Setting aside such self-doubt and coming back to the question, what does today's verse mean for the world here and now? 

If in the world here and now believers in freedom, under a banner like Je suis Charlie, are lined up against the evil forces of Islaamic extremism, then one way of reading today's verse is being on the side of freedom; hence the suggestion of bursting of the bubble of "We-are-right" fundamentalist religious belief. 

It is true that, following recent events in Paris, I felt the urge to identify myself on the side of the Je suis Charlies. But something -- I hope it was some kind of wisdom -- caused me to resist that impulse, and not to trust it. In general, since giving up playing rugby aged 18, I have tended to steer clear of taking sides, preferring more individual pursuits like karate-do, zazen, and Alexander work. 

So another answer, I think a truer answer, that then presented itself, was that today's verse, and Aśvaghoṣa's irony in general, can be taken as a kind of warning not to trust official narratives. 

So if a war is indeed raging in the world right now between the West and Islaam, who started that war? 

In the official narrative, the war started in earnest when freed0m-hating Islaamic fnndamentalists staged the 9-11 attacks. But the official version of events on that day have not yet convinced me of their veracity. The twin towers, in particular, coming down so soon after planes flew into them, do look very similar to buildings being demolished from below.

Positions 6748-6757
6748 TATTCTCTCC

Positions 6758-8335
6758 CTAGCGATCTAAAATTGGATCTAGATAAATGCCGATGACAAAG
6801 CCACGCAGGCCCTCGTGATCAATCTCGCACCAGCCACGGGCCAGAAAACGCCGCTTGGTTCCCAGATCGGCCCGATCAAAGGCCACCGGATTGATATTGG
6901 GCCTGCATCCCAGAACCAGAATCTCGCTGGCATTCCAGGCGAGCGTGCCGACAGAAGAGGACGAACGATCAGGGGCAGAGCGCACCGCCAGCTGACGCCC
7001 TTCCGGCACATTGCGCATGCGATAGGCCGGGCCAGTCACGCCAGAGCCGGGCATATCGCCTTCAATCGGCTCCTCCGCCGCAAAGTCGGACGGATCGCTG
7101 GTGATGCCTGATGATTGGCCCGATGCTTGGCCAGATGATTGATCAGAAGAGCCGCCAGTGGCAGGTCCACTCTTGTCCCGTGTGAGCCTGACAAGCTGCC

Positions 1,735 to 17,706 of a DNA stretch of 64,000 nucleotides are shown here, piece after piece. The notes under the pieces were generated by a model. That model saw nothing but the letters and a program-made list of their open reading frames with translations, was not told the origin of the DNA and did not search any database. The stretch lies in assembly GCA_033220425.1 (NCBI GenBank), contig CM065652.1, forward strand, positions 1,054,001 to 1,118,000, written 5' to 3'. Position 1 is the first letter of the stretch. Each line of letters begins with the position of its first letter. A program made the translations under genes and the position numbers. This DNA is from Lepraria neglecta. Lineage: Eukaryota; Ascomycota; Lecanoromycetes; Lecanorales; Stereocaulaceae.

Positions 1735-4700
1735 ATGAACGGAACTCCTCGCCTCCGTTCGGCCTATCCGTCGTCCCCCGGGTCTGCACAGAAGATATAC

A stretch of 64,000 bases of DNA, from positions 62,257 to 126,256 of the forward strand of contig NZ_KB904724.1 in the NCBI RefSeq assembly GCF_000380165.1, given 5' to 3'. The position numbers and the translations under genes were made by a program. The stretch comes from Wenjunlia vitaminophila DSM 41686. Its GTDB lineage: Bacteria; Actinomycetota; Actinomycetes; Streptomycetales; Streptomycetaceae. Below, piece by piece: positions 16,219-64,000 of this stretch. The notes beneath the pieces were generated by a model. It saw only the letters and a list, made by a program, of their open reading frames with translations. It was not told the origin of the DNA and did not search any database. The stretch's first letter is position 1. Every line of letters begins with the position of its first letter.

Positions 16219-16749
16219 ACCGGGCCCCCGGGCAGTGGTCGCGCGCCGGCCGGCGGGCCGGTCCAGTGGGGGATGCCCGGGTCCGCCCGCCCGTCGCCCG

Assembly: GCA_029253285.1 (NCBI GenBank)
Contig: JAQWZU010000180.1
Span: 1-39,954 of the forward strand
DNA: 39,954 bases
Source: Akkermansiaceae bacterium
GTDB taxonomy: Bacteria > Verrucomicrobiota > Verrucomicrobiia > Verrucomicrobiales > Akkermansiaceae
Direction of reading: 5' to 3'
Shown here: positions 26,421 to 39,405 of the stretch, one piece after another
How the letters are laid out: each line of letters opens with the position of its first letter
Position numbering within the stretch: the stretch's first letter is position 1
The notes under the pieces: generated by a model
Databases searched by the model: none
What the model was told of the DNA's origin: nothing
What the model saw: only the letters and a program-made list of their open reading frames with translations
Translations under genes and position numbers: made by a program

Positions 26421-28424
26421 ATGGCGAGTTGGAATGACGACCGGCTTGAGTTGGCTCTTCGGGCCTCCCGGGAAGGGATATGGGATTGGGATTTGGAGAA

And when it comes to engineering attacks on America as a causus belli, the powers-that-be in America certainly seem to have form, with Pearl Harbour. 

It strikes me that if what has really been going on since 11th September 2001 has been the taking away of individual freedoms by states purportedly fighting in the name of freedom, that is just the kind of bitter irony that Aśvaghoṣa would have appreciated. 

tarakṣu-siṁhākṛtayaḥ (nom. pl. m.): with forms of hyenas and lions
tarakṣu: m. a hyena
siṁha: m. a lion
ākṛti: f. a constituent part ; form , figure , shape , appearance , aspect
tathā: ind. likewise, again
anye (nom. pl. m.); others; ones who were different

praṇedur = 3rd pers. pl. perf. pra-√nad: to resound , begin to sound or roar or cry
uccaiḥ: ind. aloft , high , above , upwards , from above ; loud , accentuated ; intensely , much , powerfully
mahataḥ (acc. pl. m.): mfn. great, mighty
praṇādān (acc. pl.): m. a loud sound or noise (esp. expressive of approbation or delight) , shout , cry , roar , yell , neigh &

sattvāni (nom. pl.): n. beings
yaiḥ (inst. pl.): by which
saṁcukucur = 3rd pers. pl. saṁ- √ kuc: to contract , shrink , close (as a flower); to contract , compress , absorb , destroy
kuc: to sound high , utter a shrill cry (as a bird) ; to contract ; to be or make small (cf. √ kuñc.)
kuñc: to make crooked ; to bend or curve , move crookedly : Caus. kuñcayati, to curl
samantāt: ind. on all sides

vajrāhatā (nom. sg. f.): mfn. struck by a thunderbolt
vajra: mn. " the hard or mighty one " , a thunderbolt (esp. that of indra)
āhata: mfn. struck 
dyauḥ (nom. sg.): , f. in later Skr. heaven , the sky
phalati = 3rd pers. sg. phal: to burst , cleave open or asunder , split (intrans.)
iti: “...,” thus
matvā = abs. man: to think, consider

[No corresponding Chinese translation]